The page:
Hi there! My name is Lucas, and I’m a senior student at Gleneagle Secondary in Coquitlam, BC.

I took some interest in traditional Indigenous knowledge and culture when I was younger, but it wasn’t really until my high school years when I started to delve more deeply into what it meant to be a Canadian. Upon digging deeper, I began to learn about Canada’s complicated relationship with Indigenous peoples and how I, as a non-Indigenous person, fit into that framework. Through my own learning, which includes reading articles and books by Indigenous authors, watching movies and documentaries, and writing and reflecting on my own, I’ve come to understand that by virtue of being a Canadian, it is my responsibility to be  and to do my best to ensure that our communities are inclusive.

I first came to know about Native Land through the BC Heritage Fairs Society, of which I have been a volunteer for 7 years. When visiting the Native Land website, I was instantly engaged by its interface, as well as how easily it helped me discover the various languages and peoples that live in my area. Native Land has provided a clear way to help me continue to contextualize my citizenship as a Canadian. The resource has helped spark various discussions in my life with those close to me about how understanding my surroundings can help me have a greater appreciation of my community.

Native Land has also been an invaluable resource for many projects that I have been involved in. In my role with BC Heritage Fairs Society as a member of the Alumni Council, and at the encouragement of the Alumni Coordinator, I led a discussion on a call with other high school students from across British Columbia about Native Land. I was able to share this incredible resource with my peers and encourage them to learn about the traditional territories that they live on. 

For a recent project with BC Heritage Fairs titled “Taking Reconcili-Action”, funded by Heritage BC’s Heritage Legacy Fund, I had the opportunity to interview and develop relationships with Saanich knowledge keepers about their work. Their careers in language revitalization, traditional art, and modern design have greatly contributed to preserving and upholding the identity of the Saanich people. We are currently creating a website and curriculum material to support BC teachers who want to incorporate traditional knowledge into their teachings. We will be adding a link to the Native Land on the website, as it will no doubt be of great value to all teachers and students who are looking for an introduction to Indigenous peoples in their area.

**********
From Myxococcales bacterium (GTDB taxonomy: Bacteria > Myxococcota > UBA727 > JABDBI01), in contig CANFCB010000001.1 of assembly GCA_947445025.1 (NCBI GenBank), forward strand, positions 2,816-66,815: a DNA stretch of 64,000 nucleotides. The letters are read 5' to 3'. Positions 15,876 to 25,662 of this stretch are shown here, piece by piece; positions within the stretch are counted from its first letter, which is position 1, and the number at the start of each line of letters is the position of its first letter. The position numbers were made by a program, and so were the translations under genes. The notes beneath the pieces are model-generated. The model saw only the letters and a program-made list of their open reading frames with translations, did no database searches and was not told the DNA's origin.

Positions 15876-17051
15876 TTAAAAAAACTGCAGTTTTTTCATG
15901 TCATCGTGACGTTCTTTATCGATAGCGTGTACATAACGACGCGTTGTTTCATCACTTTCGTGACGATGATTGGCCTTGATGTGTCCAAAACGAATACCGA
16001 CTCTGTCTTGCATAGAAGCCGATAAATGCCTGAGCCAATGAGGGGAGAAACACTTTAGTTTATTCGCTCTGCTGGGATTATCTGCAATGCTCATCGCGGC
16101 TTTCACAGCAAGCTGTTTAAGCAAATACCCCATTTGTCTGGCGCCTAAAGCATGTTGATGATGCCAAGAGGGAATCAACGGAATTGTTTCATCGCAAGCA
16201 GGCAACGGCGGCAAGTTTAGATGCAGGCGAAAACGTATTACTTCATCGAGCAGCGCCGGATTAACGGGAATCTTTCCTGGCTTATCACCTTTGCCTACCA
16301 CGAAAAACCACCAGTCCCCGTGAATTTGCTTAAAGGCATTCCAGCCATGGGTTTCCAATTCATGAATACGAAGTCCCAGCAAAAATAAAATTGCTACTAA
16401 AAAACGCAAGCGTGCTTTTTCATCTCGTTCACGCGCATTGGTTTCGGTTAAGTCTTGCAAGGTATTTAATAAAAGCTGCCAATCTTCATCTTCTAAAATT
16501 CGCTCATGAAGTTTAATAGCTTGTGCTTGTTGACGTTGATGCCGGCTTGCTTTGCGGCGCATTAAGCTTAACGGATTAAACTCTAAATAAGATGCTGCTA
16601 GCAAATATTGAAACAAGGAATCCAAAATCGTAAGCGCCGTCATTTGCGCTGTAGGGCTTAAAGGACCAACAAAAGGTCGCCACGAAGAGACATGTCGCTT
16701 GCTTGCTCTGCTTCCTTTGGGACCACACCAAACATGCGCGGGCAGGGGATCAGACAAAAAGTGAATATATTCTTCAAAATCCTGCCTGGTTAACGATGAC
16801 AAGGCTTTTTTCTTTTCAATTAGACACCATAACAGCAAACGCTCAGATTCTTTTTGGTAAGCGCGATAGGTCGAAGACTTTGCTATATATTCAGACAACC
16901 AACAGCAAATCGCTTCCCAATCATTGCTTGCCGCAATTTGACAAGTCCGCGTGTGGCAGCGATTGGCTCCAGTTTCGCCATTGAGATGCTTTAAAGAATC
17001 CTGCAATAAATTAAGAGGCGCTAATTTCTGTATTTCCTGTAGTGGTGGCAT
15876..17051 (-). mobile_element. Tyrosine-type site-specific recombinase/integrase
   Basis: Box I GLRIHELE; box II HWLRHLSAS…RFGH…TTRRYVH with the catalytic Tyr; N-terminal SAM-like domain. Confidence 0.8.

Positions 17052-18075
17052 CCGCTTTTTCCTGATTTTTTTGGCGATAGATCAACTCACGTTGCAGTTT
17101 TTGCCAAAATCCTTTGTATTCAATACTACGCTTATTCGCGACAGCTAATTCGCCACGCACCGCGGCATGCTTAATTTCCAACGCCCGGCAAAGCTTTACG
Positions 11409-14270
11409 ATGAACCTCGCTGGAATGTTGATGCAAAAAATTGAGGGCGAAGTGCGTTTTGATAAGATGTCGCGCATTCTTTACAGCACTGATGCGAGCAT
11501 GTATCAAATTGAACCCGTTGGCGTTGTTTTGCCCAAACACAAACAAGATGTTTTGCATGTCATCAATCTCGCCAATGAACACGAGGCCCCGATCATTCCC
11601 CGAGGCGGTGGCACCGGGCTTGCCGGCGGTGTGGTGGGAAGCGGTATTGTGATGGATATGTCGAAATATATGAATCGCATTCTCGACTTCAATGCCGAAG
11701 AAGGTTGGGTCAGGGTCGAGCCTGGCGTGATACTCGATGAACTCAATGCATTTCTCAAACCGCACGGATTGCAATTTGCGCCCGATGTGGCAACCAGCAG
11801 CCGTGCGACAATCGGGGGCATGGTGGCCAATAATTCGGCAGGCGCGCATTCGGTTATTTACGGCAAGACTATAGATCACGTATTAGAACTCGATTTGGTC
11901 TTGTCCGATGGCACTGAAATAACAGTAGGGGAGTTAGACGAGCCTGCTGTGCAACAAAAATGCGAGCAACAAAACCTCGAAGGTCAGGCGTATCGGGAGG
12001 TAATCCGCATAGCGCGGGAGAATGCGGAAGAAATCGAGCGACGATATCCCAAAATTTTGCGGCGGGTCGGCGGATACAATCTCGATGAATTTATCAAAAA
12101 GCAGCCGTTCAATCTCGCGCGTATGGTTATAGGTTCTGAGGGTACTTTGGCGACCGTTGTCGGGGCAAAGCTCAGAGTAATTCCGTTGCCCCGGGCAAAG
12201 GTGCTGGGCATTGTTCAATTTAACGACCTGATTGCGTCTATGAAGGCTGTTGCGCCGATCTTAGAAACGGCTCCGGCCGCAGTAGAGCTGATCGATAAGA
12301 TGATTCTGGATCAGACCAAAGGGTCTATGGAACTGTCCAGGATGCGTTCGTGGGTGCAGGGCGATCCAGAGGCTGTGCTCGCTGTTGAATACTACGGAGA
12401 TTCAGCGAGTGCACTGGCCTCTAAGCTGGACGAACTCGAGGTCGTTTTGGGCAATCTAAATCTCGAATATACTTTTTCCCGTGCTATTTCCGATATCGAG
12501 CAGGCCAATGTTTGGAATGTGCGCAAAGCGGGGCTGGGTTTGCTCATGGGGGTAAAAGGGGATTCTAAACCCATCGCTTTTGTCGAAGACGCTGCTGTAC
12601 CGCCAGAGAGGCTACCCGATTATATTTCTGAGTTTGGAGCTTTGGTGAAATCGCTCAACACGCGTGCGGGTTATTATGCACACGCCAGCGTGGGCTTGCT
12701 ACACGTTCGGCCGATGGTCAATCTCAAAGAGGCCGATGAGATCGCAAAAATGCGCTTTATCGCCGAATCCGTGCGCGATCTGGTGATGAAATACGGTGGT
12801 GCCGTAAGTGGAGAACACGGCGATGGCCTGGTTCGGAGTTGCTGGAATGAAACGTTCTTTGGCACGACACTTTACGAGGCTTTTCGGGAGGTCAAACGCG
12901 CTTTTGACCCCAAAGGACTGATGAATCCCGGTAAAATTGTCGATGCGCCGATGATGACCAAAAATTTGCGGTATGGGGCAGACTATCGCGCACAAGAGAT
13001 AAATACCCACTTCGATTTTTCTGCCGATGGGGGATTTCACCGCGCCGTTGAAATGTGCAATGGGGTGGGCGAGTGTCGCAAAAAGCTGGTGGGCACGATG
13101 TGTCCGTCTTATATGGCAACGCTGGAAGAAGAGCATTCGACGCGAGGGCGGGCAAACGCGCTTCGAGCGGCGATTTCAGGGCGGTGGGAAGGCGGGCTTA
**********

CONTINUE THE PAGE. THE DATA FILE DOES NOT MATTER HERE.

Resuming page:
Native Land is a wonderful tool to help comprehend and understand the land we live on. As I’ve found in my experience, when we take the time to become more knowledgeable about our surroundings and past, it helps us all to become more respectful and understanding people.

I respectfully acknowledge that I live and learn on the unceded core traditional territory of the kʷikʷəƛ̓əm (Kwikwetlem) First Nation, which lies within the shared territories of the Səl̓ílwətaɬ  (Tsleil-Waututh),  sq̓əc̓iy̓aɁɬtəməxʷ  (Katzie), xʷməθkwəy̓əm  (Musqueam), qiqéyt (Qayqayt), Sḵwx̱wú7mesh Úxwumixw (Squamish), and ˈstɔːloʊ (Sto:lo) First Nations.

Lucas Hung is a Grade 12 student in Coquitlam, BC. He has always been fascinated by history and hearing the stories of local and global communities. He loves traveling and making connections with new people, and will be starting his undergraduate degree in Music at the University of Victoria in September.

Posted by christine
Friday, May 29th, 2020

2 responses to “Becoming An Active Agent of Reconciliation”

  1. Lucas says:

    Thank you Christine and Native Land for this wonderful opportunity, and of course, thank you for this incredible resource!

  2. Jacob McNeill says:

    Thank you so much to Christine and the amazing Native Land team!

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